Schedule: TF 9:50 am – 11:30 am 

Explores the process of economic growth and comparative development examining growth patterns across different countries and regions. Reviews economic growth models with particular focus and structural change in developing economies. and then focuses on the study of the various determinants of growth and development, including population dynamics, productivity and the role of technology, human capital, institutions, government, geography, climate, and natural resources. Briefly touches on sustainability of economic growth and global implications. 

Prerequisites: Undergraduate level ECON 2315 Minimum Grade of D- and (Undergraduate level ECON 2560 Minimum Grade of D- or Undergraduate level ECON 3560 Minimum Grade of D-) 

ECON 4681: Information Econ & Game Theory (CRN 33234) 

Instructor: Piao, Richeng

Schedule: WF 11:45 am – 1:25 pm            

Offers an advanced course on the economics of information, including moral hazard and adverse selection; game theory; and mechanism design. Formally considers alternative solution concepts, such as Nash equilibrium and rationalizability for simultaneous move and sequential move games under complete information about payoffs and preferences, as well as solution concepts, such as Bayesian-Nash equilibrium to analyze selection, screening, and incentives in games of incomplete or asymmetric information. Covers optimal incentives or mechanism design, including the optimal design of contracts, auctions, and other mechanisms. Prior exposure to game theory recommended.

Prerequisites: Undergraduate level ECON 2316 Minimum Grade of D- and (Undergraduate level ECON 2350 Minimum Grade of D- or Undergraduate level MATH 2280 Minimum Grade of D- or Undergraduate level MATH 3081 Minimum Grade of D- or Undergraduate level MGSC 2301 Minimum Grade of D- or Undergraduate level POLS 2400 Minimum Grade of D- or Undergraduate level PSYC 2320 Minimum Grade of D-)

ECON 4916: ST Antitrust Economics for Modern Competition Problems (CRN 39518) 

Instructor: Kwoka, John (Finnegan Distinguished Professor of Economics, recently Chief Economist at the Federal Trade Commission)

Schedule: WF 11:45 am – 1:25 pm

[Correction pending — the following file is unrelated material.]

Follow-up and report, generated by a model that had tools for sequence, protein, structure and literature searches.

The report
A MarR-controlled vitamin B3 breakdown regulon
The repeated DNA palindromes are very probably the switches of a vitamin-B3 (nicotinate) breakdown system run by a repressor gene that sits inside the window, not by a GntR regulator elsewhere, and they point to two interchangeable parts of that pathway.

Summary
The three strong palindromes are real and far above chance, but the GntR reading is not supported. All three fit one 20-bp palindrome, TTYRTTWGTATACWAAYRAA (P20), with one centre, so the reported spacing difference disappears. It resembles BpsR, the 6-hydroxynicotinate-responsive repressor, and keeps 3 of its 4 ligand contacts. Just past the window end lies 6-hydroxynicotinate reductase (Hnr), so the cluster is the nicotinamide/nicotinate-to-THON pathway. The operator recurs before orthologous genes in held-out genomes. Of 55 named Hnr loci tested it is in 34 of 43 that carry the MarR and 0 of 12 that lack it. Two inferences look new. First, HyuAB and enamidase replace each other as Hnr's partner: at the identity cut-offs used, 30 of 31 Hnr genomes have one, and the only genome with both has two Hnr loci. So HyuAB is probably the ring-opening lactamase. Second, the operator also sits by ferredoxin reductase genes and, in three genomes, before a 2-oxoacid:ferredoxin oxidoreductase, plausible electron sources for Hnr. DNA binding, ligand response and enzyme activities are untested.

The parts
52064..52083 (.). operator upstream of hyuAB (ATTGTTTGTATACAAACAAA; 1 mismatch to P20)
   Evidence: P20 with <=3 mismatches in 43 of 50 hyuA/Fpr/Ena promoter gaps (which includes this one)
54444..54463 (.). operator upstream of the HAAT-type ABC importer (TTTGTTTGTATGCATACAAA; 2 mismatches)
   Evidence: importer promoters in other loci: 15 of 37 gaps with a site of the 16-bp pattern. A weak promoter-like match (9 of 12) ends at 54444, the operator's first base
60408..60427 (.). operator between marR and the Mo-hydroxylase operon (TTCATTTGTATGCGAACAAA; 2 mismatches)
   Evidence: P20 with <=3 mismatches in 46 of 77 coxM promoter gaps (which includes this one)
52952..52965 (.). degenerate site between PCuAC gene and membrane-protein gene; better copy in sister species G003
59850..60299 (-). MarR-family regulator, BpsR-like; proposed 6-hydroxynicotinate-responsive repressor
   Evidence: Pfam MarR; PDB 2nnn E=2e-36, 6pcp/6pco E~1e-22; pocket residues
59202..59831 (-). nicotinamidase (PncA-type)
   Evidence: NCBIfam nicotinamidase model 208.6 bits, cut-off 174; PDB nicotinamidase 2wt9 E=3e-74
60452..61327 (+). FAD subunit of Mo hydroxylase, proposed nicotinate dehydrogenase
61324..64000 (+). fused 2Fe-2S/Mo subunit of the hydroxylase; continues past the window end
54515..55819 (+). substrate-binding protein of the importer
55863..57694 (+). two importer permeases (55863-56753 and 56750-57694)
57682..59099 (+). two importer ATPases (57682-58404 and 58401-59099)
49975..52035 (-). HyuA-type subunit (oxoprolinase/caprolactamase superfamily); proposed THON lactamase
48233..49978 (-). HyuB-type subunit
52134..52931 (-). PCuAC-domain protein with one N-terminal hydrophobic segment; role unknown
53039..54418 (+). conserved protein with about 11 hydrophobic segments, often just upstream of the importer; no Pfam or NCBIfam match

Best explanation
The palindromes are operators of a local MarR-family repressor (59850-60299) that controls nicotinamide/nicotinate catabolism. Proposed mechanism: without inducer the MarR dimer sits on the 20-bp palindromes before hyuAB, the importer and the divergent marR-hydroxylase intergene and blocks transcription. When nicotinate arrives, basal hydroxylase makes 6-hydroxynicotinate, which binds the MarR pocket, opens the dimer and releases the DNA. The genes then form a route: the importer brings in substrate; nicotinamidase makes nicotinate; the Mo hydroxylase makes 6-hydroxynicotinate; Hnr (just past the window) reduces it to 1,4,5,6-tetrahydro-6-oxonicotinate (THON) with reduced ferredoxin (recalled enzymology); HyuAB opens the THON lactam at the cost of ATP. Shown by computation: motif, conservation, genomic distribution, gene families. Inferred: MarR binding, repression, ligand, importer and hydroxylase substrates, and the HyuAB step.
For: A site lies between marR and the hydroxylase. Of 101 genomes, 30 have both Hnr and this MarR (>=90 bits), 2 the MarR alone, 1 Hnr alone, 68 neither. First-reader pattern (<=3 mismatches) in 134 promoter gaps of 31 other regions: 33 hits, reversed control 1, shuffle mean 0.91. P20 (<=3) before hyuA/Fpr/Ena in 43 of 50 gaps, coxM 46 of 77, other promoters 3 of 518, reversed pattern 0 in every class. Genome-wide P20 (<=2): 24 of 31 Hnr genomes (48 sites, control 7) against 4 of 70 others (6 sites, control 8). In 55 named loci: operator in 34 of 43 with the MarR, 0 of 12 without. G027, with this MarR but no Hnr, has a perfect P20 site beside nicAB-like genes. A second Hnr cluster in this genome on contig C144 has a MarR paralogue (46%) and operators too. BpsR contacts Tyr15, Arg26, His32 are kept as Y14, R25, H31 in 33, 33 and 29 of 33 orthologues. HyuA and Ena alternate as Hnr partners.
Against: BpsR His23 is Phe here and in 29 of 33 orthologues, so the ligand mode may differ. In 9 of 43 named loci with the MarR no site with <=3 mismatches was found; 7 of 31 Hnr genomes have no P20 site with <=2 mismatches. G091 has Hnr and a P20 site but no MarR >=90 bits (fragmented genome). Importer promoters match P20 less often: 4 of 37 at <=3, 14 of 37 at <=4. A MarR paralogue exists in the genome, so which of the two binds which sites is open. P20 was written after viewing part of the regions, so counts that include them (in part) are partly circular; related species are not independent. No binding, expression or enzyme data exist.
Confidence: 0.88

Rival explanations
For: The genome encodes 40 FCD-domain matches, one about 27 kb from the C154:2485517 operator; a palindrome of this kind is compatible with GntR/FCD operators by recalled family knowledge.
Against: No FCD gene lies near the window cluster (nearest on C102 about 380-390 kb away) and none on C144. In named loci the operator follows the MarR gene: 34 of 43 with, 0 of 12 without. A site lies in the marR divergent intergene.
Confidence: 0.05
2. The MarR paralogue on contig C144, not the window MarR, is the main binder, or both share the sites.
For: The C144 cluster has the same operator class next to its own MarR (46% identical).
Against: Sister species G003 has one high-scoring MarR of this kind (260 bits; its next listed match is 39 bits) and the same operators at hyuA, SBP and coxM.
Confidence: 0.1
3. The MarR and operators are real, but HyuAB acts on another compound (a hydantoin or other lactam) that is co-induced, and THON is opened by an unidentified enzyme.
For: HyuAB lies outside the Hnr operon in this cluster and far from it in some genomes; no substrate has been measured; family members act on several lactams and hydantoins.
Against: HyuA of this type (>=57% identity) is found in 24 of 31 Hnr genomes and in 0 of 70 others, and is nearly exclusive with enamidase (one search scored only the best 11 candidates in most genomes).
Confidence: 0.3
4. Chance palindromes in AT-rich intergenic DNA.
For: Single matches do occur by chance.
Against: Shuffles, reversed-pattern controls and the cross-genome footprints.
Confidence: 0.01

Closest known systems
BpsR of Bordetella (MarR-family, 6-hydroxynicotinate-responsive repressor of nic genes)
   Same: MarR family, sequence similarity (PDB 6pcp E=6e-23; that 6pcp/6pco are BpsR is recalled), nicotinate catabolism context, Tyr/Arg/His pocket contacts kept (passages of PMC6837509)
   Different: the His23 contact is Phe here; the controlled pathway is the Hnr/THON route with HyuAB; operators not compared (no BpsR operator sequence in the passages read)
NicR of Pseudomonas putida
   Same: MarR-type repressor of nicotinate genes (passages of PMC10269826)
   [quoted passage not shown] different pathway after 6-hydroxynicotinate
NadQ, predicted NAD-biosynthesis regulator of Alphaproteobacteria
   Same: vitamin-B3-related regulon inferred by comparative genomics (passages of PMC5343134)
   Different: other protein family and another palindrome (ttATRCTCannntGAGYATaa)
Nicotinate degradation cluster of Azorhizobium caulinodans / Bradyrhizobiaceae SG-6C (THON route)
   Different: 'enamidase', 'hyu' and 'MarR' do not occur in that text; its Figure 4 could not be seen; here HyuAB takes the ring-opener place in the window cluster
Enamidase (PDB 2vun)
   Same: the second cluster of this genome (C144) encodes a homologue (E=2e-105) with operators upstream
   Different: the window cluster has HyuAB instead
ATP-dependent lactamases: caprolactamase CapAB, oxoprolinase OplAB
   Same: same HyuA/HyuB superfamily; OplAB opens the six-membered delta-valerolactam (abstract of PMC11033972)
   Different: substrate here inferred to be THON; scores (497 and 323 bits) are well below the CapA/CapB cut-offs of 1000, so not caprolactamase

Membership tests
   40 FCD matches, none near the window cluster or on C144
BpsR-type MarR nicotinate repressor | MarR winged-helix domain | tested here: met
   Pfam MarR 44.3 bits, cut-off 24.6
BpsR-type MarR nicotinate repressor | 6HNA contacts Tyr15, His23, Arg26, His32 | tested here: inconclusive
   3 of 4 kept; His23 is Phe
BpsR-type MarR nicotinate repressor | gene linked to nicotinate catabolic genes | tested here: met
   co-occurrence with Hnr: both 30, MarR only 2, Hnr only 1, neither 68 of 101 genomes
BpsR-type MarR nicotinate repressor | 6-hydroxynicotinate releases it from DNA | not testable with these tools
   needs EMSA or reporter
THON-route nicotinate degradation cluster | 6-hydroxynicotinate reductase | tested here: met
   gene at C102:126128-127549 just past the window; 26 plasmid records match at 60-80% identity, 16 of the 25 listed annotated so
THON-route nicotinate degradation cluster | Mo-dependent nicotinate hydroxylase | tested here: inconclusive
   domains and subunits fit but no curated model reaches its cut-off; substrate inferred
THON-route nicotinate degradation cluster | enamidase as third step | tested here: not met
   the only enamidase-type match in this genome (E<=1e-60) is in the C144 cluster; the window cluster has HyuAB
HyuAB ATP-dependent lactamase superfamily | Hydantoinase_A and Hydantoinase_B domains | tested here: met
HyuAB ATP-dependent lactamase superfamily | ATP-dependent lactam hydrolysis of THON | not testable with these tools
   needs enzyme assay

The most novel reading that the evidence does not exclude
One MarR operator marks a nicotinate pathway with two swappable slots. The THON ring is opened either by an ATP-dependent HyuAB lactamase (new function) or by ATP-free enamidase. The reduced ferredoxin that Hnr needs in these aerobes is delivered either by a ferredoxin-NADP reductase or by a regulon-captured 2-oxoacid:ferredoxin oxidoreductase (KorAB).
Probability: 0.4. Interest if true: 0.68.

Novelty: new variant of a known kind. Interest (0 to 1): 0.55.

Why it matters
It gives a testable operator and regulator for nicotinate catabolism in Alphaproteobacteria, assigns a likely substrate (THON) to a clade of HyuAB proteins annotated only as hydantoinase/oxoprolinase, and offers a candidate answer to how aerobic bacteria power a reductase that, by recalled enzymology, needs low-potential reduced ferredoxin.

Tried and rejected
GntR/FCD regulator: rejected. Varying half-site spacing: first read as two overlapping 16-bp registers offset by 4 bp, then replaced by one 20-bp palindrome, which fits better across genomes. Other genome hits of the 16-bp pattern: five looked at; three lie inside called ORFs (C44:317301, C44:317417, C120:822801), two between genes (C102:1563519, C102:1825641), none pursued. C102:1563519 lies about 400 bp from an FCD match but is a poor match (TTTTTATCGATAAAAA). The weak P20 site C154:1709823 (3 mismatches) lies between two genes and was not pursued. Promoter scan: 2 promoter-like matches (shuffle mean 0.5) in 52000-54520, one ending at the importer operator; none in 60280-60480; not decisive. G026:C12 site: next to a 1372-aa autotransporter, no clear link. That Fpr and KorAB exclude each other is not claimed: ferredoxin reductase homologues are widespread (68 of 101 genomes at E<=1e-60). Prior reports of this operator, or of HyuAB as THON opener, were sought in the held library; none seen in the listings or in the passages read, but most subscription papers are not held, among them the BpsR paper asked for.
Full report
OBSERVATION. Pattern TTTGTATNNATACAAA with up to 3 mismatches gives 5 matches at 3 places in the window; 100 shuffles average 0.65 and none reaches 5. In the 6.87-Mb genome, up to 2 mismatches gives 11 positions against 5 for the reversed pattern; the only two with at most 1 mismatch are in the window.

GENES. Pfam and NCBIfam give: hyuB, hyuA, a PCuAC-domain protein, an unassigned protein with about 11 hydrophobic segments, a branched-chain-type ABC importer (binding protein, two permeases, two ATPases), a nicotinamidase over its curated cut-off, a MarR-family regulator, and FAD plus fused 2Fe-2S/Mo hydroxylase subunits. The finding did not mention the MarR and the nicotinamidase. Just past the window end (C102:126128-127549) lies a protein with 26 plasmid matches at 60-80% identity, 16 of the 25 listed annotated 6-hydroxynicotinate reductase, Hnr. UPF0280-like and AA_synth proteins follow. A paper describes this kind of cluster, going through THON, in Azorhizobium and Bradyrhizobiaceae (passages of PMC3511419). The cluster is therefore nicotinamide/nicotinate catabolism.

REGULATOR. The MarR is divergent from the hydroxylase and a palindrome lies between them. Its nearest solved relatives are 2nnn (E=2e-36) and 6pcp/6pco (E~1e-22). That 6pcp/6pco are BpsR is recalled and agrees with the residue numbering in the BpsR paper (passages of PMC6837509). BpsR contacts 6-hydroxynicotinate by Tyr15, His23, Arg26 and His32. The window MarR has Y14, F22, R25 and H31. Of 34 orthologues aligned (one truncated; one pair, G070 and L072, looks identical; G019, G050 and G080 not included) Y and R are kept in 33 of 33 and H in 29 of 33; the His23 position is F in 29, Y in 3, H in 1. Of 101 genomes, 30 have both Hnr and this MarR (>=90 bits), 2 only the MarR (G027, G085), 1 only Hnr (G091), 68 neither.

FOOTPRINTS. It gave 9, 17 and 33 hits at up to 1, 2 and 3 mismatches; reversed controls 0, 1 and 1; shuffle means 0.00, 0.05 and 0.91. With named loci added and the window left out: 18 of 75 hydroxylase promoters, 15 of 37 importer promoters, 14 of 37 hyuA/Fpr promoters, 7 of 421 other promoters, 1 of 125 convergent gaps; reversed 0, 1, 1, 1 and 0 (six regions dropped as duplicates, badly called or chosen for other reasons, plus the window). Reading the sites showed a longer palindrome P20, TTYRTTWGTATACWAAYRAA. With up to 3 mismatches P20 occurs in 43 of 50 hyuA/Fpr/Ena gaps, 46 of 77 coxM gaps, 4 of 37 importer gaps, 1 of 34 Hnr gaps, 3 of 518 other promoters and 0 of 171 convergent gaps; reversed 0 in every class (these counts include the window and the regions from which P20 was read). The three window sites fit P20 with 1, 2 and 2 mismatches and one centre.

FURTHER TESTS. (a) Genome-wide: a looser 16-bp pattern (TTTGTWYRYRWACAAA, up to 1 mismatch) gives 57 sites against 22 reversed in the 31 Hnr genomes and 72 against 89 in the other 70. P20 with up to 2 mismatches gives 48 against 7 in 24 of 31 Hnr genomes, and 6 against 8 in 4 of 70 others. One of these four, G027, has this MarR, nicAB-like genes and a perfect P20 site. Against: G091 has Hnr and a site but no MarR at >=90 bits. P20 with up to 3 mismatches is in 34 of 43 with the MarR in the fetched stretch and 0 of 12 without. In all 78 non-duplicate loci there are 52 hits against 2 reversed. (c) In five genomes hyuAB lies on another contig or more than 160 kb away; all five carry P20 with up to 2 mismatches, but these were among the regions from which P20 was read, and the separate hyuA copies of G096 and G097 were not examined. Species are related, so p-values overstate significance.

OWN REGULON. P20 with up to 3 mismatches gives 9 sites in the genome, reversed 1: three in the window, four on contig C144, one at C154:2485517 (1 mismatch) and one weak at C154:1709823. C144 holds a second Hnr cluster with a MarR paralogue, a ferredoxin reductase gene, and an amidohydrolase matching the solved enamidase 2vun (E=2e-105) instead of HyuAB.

Antitrust policy has been faulted for allowing mergers and monopoly practices that have resulted in high concentration, diminished competition, and dominant tech companies in our economy.  This course will study these issues and the arguments for and against reform.  It will draw on microeconomics, data and other evidence, and evaluations of current antitrust cases–including Facebook and Google–written by prominent economists for a forthcoming book being edited by Prof. Kwoka. 

Prerequisite: Econ 2316 (Micro Theory)

ECON 5200: ST Economics of Inequality (CRN 38960) 

Instructor: Vicentini, Gustavo 

Schedule: R 4:35 pm – 7:55 pm  

This course introduces inequality from an economic perspective. Studies how inequality relates to scarcity, appropriability, and inheritability. Discusses how taxation, economic growth, globalization, and technological progress affect inequality. Emphasizes the difference between inequality of economic outcomes and inequality of economic opportunity. Covers inequality in sectors such as housing, healthcare, labor market, and others. Discusses alternative empirical methods for measuring inequality, and presents economic policies designed to address it. 

Note that 5000-level electives and selected topics courses are open to undergraduate students. 

ECON 5200: ST Topics in Energy Economics (CRN 39066) 

Instructor: Patria, Margarita

Schedule: W 4:45 pm – 8:05 pm

The goal of the course is to provide students with marketable skills and fundamental knowledge needed for a career in modern energy space. Both instructors have extensive experience in economic consulting focusing on energy economics and market design. There will be some guest speakers, representing the broader energy industry as well.  The course will highlight applications of economic theory, such as deregulation, industrial organization, auction design and data analysis techniques using applied econometric models.  The course consists of two parts. The first part of the course is an overview of energy markets. Students will learn about different energy sources, economics used to design competitive and regulated power markets, fundamental forces shaping supply and demand, and price-setting mechanisms. Our focus is electricity markets in the US: their history, on-going transformation, design and most current issues. The second part of the course is hands-on analysis of the energy market data. The analysis is done in Stata and Excel. The goal is to provide students with data visualization skills to aid decision making.

Note that 5000-level courses are open to undergraduate students.

ECON 5291: Applied Development (CRN 39106) 

Instructor: Erten, Bilge

Schedule: 10:30 am – 11:35 am

Focuses on major macroeconomics policy questions for developing countries in an open economy context. Approaches these policy issues from a political economy perspective on macroeconomics. Combines theoretical foundations with institutional analysis and empirical evidence. Begins by developing a macroeconomic framework to analyze short-term macroeconomic adjustment and concludes with long-term growth, emphasizing the effects of financial integration and capital account regulations on macroeconomic performance in developing countries. Empirical data and country experiences help assess the validity of theoretical propositions and explain the complexity of development trajectories. Requires previous coursework in macroeconomic theory.

Note that 5000-level courses are open to undergraduate students.